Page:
This article from partner site Six Votes Down
On Friday night, as the Portland Timbers played the Seattle Sounders in America’s best soccer rivalry, their supporters groups made headlines across the country – for an unprecedented joint protest.
For the first half hour of the game, both Timbers and Sounders fans, normally fell silent in protest of Major League Soccer’s (MLS) Fan Code of Conduct.
The code, installed before the start of the current MLS season in March, bans “using (including on any sign or other visible representation) political, threatening, abusive, insulting, offensive language and/or gestures, which includes racist, homophobic, xenophobic, sexist or otherwise inappropriate language or behavior.”
To the uninitiated, this might seem innocuous. But the policy allows the league to label anything it dislikes as “political” – thereby arbitrarily censoring the banners, flags, and clothing fans bring and wear to matches.
MLS has targeted one symbol in particular for removal from its stadiums: the anti-fascist Iron Front, which was originally used by a collection of leftists, socialists, anarchists, and communists to resist the Nazis in Germany in the 1930s.
Now, the Iron Front signals opposition to discrimination in any form. To their immense credit, Timbers and Sounders supporters have for yearsdisplayed it at matches to illustrate their anti-racist and anti-fascist positions while trying to create an atmosphere of radical inclusion in their stadiums.
That effort attempts to speak specifically to people from marginalized communities to say that, not only tolerated or accepted within these respective supporters’ groups and stadiums, but they are welcomed, celebrated, and, most importantly, safe.
The Iron Front says, essentially, that anyone except fascists and racists are welcome.
But with this new fan code of conduct, MLS has decided that the Iron Front is “political”, because has been associated with “Antifa,” and is thus banned.
There can be no arguing, however, that the ban on politics in stadiums is absolute. Supporters are still allowed to display pride flags, the league can promote anti-racism in an advertising campaign, and Alejandro Bedoya can tell Congress to end gun violence and face no punishment.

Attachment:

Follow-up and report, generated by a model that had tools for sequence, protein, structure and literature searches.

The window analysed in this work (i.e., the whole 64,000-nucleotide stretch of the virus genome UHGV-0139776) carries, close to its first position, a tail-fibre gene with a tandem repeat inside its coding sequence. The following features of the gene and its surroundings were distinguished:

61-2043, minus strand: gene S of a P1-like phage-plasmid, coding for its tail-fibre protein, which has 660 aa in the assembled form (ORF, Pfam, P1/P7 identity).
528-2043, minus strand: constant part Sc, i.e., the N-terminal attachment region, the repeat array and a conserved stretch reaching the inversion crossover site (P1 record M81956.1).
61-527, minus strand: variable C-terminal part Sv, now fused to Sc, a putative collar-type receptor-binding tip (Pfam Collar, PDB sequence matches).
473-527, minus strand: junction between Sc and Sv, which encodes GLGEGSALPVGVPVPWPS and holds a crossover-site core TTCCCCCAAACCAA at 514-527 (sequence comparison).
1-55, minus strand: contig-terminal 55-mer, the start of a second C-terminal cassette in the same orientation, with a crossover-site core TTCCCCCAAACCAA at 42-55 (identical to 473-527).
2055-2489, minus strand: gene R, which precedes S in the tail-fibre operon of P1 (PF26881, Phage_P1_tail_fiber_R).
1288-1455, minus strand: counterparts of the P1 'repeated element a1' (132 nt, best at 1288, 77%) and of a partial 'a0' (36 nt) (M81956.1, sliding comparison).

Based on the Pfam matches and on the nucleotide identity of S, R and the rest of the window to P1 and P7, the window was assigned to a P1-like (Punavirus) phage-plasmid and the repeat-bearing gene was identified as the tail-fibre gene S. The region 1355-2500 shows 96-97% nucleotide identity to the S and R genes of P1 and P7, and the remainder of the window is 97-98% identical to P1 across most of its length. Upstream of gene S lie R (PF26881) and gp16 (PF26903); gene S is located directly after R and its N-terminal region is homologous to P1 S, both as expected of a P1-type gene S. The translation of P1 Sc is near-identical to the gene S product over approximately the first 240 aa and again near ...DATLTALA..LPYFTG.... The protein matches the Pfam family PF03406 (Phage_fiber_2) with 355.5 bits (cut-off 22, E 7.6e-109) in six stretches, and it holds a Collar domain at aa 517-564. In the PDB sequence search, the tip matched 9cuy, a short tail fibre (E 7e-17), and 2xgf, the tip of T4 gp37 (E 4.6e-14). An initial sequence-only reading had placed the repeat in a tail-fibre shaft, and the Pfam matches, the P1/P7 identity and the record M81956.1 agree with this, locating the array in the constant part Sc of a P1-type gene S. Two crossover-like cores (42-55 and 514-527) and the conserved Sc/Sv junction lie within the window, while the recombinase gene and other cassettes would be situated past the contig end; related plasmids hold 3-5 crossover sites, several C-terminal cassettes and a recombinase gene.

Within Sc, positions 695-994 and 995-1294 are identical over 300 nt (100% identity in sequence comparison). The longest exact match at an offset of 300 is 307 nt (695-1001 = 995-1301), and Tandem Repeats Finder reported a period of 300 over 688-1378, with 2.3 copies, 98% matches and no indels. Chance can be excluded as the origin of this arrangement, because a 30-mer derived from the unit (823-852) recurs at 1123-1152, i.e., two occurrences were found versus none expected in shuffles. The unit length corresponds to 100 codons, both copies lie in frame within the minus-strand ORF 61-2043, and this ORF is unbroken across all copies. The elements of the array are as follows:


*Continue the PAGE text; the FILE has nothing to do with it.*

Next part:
How? MLS is attempting to draw a distinction between “politics” and “human rights” – political expression is not allowed, but expressions of support for human rights are.
That MLS is trying to draw this distinction is problematic not only because of the contradiction inherent in it – human rights issues are and always will be connected to politics – but because MLS is using it cynically to shut down any advocacy that makes it uncomfortable.
A critical aspect of any human rights-related work is building communities and spaces that embody the values of inclusion and respect.
Not only do Timbers and Sounders supporters do remarkable work in their cities fighting for justice and equity, but when they come together they also build an intentional community where people from marginalized communities are not just tolerated, but accepted and welcomed.
Make no mistake, that is itself human rights work. Every action that makes someone feel welcomed and supported – from something as simple as a smile to singing an anti-fascist anthem, as Timbers supporters did when they broke their silence last Friday – is human rights work.
That work is also political, because we live in a country that does not respect human rights. For people in marginalized communities in the United States, merely existing is political.
Ever since since the term “human rights” was coined in the wake of the Holocaust, people fighting for human rights have been under attack. Just because there is a Universal Declaration of Human Rights doesn’t mean that countries actually follow it.
We only need to look to our southern border, where human beings are routinely denied their right to seek asylum, protected by international law and Article 14 of the Universal Declaration of Human Rights.